No film was actually ever completely silent. There may not have been asoundtrack that we are accustomed to, however, the music was always essential toa movie, no matter how primitive it may be. In the earliest days of film themusic was played on a phonograph. This was around the time of Edison. Thephonograph was an invention that did not last long in the world of film. Thenext step was the use of a vitaphone, which also did not play a lasting role inthe movie industry. The next step was not the use of a recorded soundtrack butrather it was the use of live musicians. The live music came about as themovies were becoming a little more common. The films began to be playedcommercially in Vaudeville houses, cafes, and music halls where musicians werealready hired to play in the musical concerts that evening. Because themusicians were already there they were asked if they would play along with thefilm. In the Vaudeville houses there was no specific place for them to sit sothey sat seated at the front , in front of the screen. Even after theatres werebuilt to show the moving pictures a space was created at the front where themusicians were to sit. Because the musicians were inexperienced withaccompanying films they played what they liked or what they knew. This made ituncommon that the music actually fit with the action on the screen. Themusicians paid little attention to the film and played arbitrarily. This meantthat often a serious or dramatic scene would be occurring on the screen wile themusician played something comical or something that belonged to a scene with acar chase. Sound-effects men were soon added to the sounds behind a film. Thiswould be a man that created noises, erg. train whistles and bells, fire enginebells, gun shots, explosions, cannon fire, etc. in order to add realism to thefilm. This made movie-going more popular which in turn bettered the standard ofmovie-making. It was at this point that the musicians hired to accompany thefilms began to take the music more seriously. Set standards were created butthe musicians job was to make sure that these standards did not becomemonotonous. They also began the use of simple motif that would introduce acharacter or foreshadow an event. The motifs are the elements of the music thatare extremely important in shaping the characters and the theme of the film. Itwas the use of these motifs that made the music much more sophisticated andpeople began to take the films more seriously. The idea of motifs did notdisintegrate but rather became an important technique in the scoring of films inthe years to come. By this time the music was ceasing to be merely and extrajob for Vaudeville musicians and had actually become an art that needed and wasgiven thought. The house musician, which later became a small ensemble andsometimes even a large orchestra, was a valued addition to the movie industryand they could be found in hundreds of movie houses across America. It was fromthis point on that films were to always be accompanied by some sort of music.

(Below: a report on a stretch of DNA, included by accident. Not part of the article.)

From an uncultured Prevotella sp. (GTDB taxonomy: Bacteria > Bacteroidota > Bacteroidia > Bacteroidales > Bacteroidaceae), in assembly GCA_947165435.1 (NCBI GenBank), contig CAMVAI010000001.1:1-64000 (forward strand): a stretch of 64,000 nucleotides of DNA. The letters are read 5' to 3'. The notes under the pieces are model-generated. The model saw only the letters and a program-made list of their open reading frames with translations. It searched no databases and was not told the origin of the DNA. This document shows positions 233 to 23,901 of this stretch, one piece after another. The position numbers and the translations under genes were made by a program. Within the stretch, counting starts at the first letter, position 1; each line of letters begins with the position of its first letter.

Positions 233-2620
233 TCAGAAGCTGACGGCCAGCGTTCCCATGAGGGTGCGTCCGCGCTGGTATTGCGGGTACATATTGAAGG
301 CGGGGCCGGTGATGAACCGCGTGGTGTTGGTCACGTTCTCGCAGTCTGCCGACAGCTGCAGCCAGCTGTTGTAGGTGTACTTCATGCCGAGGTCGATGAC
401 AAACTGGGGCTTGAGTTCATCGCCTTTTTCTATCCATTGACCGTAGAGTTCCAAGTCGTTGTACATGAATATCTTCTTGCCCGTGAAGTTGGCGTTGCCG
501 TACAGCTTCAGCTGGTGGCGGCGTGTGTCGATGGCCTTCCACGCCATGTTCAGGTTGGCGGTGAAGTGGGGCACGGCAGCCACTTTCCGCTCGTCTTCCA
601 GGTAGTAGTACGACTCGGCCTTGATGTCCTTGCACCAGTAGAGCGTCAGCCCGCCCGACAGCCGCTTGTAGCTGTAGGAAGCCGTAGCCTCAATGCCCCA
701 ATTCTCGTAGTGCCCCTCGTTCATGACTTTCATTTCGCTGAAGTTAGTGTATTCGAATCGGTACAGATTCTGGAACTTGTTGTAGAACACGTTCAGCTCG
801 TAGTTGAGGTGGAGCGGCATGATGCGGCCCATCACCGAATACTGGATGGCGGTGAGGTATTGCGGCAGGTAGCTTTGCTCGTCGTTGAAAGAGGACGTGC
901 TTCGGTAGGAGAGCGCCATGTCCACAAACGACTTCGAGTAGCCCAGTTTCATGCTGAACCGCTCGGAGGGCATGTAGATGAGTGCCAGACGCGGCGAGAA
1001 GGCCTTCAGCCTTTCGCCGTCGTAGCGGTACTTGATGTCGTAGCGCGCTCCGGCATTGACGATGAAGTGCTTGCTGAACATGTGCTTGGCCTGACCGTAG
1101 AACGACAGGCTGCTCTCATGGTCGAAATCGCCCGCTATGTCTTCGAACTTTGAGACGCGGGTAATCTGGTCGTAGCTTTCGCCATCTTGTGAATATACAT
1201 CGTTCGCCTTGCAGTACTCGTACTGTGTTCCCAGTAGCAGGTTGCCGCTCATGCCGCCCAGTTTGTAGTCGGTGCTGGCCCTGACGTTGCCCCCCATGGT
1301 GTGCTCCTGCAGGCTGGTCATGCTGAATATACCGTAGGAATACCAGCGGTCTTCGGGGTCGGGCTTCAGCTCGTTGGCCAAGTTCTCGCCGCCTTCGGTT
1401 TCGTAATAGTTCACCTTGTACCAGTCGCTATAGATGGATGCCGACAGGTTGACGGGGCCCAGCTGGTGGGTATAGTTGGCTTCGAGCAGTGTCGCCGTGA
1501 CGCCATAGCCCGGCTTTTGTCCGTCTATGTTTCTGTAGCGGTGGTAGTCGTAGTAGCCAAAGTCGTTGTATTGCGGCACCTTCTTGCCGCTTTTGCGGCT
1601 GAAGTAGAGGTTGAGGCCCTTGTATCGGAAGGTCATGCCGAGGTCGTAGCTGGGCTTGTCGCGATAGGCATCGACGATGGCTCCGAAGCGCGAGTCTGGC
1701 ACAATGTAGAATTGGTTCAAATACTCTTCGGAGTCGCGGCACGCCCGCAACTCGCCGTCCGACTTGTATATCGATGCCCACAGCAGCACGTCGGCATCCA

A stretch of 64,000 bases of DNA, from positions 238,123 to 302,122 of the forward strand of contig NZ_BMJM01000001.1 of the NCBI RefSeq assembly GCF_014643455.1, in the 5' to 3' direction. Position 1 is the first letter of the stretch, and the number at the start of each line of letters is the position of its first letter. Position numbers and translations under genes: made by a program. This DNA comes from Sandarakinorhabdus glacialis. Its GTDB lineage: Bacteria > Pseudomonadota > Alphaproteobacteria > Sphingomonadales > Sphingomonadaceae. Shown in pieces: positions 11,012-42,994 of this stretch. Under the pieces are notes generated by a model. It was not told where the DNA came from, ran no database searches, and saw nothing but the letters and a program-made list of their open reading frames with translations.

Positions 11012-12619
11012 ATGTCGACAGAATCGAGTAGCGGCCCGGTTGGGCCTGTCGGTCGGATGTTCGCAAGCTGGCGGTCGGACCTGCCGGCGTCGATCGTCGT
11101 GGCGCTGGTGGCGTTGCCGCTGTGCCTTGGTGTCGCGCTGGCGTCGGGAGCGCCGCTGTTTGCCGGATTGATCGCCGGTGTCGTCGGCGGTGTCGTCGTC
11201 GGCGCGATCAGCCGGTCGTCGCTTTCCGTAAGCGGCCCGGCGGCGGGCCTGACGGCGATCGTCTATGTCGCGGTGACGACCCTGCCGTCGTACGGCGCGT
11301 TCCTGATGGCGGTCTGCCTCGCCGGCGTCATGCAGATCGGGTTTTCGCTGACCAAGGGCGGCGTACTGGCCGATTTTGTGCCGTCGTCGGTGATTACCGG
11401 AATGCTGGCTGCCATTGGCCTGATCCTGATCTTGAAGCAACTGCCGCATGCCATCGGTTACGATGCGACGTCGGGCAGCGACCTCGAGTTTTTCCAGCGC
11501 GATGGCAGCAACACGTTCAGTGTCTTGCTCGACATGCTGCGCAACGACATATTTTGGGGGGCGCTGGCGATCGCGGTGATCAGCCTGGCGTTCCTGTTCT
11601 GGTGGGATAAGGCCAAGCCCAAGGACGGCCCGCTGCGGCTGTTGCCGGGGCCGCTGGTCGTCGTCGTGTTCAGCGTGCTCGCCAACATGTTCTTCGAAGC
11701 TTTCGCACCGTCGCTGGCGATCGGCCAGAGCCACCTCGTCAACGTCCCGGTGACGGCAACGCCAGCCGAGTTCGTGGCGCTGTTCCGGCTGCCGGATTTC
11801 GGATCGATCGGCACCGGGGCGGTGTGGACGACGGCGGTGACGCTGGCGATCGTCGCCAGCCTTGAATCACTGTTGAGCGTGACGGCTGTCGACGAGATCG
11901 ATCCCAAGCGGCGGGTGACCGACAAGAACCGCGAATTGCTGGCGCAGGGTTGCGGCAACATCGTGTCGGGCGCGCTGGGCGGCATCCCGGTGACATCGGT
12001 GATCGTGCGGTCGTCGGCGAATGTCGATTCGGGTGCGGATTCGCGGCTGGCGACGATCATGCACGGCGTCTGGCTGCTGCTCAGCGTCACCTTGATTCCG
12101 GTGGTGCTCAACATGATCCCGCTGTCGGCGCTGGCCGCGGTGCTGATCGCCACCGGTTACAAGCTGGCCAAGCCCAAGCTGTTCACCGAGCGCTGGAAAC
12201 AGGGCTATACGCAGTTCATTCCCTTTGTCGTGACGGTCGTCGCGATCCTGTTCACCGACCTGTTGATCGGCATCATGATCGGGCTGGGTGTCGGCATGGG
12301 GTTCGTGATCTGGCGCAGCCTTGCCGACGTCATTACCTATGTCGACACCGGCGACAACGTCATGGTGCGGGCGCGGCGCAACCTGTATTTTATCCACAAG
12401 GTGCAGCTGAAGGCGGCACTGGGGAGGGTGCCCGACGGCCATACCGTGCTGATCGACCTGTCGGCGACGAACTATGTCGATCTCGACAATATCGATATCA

The house musician remained in movie houses for many years, however theyeventually disappeared to make way for the recorded film score, known as a talkie or canned music.
The 1930’s was the time that saw the rise of the symphonic filmscore. This was the time in which many great composers began to write thescores for films. The scores were not simple little symphonies or pieces butrather enormous projects that took a great deal of time and thought. It wasalso in this era that the click track was developed. This was a technique firstused in the scoring of cartoons, however as the scoring for life action moviesbecame more complex the click track became vital to the preciseness of the score.